- In an email, Netflix CEO Ted Sarandos said on-screen content doesn’t translate to real-world harm.
- Sarandos cited a decline in violent crime in recent decades despite an increase in violent content.
- He was defending Dave Chappelle’s “The Closer,” which has been criticized for transphobic comments.
Netflix co-CEO Ted Sarandos said this week the company believes on-screen content “doesn’t directly translate to real-world harm,” in another defense of Dave Chappelle’s new comedy special, Variety reported.
The streaming giant has come under fire from some of its employees for hosting the special, “The Closer,” which activists say features transphobic comments. In the special, Chappelle says “gender is a fact” and defends “Harry Potter” author JK Rowling, who has also been criticized for transphobic comments. Chappelle also said he identifies with TERFs, or trans-exclusionary radical feminists.
Sarandos initially defended the special in an email sent to company leadership on Friday, according to The Verge. He doubled down on the remarks in a company-wide email sent on Monday and obtained by Variety after Netflix employees protested the special and the decision to keep it on the platform.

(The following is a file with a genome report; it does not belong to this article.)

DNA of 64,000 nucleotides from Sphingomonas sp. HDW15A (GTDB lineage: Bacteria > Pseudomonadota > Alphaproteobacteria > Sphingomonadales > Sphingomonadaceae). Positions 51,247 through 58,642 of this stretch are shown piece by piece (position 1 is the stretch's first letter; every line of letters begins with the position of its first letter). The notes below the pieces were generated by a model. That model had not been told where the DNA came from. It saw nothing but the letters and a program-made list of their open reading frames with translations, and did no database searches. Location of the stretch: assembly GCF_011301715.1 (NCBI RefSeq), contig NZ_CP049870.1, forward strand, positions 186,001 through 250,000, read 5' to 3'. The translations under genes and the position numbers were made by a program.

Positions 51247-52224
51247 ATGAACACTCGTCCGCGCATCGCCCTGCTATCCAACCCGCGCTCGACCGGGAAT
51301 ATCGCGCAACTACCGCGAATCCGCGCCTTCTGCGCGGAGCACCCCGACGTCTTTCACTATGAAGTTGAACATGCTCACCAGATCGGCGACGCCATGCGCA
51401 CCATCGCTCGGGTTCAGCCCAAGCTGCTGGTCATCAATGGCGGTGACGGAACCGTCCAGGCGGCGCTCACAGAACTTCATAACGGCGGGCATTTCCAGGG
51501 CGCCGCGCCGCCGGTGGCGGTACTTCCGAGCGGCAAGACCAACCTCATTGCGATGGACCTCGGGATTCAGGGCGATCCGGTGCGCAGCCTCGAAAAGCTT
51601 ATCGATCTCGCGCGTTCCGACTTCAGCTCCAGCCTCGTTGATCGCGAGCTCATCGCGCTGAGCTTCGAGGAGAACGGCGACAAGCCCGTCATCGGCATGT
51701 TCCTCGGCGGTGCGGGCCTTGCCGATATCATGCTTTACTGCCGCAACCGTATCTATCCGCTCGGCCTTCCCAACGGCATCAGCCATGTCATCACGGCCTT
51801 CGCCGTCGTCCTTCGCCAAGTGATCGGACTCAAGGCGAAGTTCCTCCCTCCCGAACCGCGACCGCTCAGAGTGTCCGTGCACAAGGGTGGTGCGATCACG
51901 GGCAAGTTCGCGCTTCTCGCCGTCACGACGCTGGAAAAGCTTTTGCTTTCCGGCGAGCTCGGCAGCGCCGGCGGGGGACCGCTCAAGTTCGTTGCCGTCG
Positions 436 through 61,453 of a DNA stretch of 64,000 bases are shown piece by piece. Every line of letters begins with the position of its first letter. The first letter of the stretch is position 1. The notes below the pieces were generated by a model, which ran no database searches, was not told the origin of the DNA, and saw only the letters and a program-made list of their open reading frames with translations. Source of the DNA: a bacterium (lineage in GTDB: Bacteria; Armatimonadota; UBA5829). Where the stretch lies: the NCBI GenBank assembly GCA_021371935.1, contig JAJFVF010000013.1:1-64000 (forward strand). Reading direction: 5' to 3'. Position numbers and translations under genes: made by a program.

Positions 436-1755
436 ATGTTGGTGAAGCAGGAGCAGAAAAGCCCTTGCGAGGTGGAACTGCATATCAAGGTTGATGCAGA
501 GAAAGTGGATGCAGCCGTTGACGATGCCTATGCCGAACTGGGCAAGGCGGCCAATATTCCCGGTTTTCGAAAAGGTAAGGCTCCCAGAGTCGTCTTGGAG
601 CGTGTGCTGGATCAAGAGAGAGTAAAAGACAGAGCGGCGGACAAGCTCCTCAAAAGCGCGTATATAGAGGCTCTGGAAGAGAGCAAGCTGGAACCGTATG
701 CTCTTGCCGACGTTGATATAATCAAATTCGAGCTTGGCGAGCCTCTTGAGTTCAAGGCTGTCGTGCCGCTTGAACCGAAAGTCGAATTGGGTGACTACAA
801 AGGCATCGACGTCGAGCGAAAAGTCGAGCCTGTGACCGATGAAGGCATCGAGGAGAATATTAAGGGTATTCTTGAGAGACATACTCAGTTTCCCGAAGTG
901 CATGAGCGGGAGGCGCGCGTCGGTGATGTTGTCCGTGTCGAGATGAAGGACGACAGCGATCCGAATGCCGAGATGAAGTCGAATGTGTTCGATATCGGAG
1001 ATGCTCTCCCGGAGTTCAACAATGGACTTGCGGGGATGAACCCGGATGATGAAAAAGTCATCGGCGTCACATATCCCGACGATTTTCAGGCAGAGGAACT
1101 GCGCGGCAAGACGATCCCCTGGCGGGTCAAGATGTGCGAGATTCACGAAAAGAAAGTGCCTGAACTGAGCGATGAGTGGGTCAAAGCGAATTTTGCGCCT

“With ‘The Closer,’ we understand that the concern is not about offensive-to-some content but titles which could increase real-world harm (such as further marginalizing already marginalized groups, hate, violence, etc.),” Sarandos wrote. “While some employees disagree, we have a strong belief that content on screen doesn’t directly translate to real-world harm.”
He continued: “The strongest evidence to support this is that violence on screens has grown hugely over the last thirty years, especially with first-party shooter games, and yet violent crime has fallen significantly in many countries. Adults can watch violence, assault, and abuse – or enjoy shocking stand-up comedy – without it causing them to harm others.”
In response to the comments, GLAAD released a statement pushing back against Sarandos’s claims about the impact of media: “GLAAD was founded 36 years ago because media representation has consequences for LGBTQ people. Film & TV have been filled with stereotypes and misinformation about us, leading to real-world harm, especially for trans people & LGBTQ people of color.”
One transgender Netflix employee who spoke out against the special in a viral Twitter thread last week also argued that transphobic content translates to physical harm, listing off transgender people who have been killed.
The employee, Terra Field, was suspended by the company but was later reinstated.
Chappelle’s “The Closer” was the third most-watched piece of content on Netflix in the US on Wednesday.